Net Culture Politics

On a difference between wonks and geeks…

Here’s a suggested difference between geeks and policy wonks that might go some distance towards making the two groups get on with one another better. It is my contention that the two groups simply have radically different registers and types of interaction. Policy wonks – like all politically oriented people – are encouraged to think in terms of combative point-making. The most respected and well-thought through acts of Parliament being those that have been fought over the most. The most convincing politicians are the ones who have solid positions that they can stick with and defend. Political life is a combative life, with positions being tested and retested before they’re taken out into the world. In terms of doing things you want to know that the thing you’re going to do is the right thing before you get too far down the line, particularly when the consequences of getting things wrong are so potentially enormous.

The life of the creative geek community is very different. The atmosphere of an event like ETCon is not one of absolutist positions (or at least it is on occasion but it’s mostly frowned upon), but of gradual accretion, iteration and development. Particularly (but not exclusively) in those realms where development requires time but not a lot of capital investment, ideas are thrown out into the world to see if they’ll stand or fall. Those that succeed are iterated upon. Those that fail are either abandoned or taken further by other groups who will try to solve the errors and mistakes that surround them. In terms of making things, each new idea is expected to be flawed and clumsy and full of holes and everyone knows it and works from that point onwards. It’s the model of the technologist community as competitive craftspeople, and it operates on the assumption that whether something will be successful or unsuccessful / useful or useless is something that must be left up to how people interact with it and its take-up with a community. You make it the best you can, in the way you think is right, and let the world decide if you got it right…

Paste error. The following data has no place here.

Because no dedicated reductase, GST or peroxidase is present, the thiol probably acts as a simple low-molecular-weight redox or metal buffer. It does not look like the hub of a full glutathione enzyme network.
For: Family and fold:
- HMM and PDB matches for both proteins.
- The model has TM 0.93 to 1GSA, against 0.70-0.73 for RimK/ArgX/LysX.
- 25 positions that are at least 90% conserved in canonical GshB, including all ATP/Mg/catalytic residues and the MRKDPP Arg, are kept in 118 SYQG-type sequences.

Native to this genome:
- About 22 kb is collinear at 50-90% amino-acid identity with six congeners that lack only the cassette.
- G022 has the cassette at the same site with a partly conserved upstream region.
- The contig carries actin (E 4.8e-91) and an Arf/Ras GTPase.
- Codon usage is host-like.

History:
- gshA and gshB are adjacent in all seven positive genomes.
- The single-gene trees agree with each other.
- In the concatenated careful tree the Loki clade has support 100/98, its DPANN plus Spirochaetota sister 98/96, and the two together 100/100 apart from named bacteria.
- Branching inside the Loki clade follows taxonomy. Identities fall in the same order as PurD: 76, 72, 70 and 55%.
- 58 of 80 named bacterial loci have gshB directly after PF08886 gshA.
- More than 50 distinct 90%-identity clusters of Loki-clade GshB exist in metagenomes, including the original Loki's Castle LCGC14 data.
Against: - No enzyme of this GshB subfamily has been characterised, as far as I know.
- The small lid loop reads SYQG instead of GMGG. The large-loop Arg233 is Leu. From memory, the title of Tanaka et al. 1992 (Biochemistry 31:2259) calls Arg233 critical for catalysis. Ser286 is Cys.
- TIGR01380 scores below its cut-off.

I think this is the distinction that explains why there are so many disagreements between the groups. One group looks for immediate application where there may be only potential. One group sees possibility where there is no immediate practical benefit. And in talking to each group, you have to use a different register. There’s no point talking RDF to policy wonks, because they’ll see no application until you can show them something made with RDF that they consider actually politically useful. And there’s no point telling technologists that their creations are politically naive, because they’ll consider them works in progress, building from a position of naivety towards – in time – something legitimately useful and ground-breaking.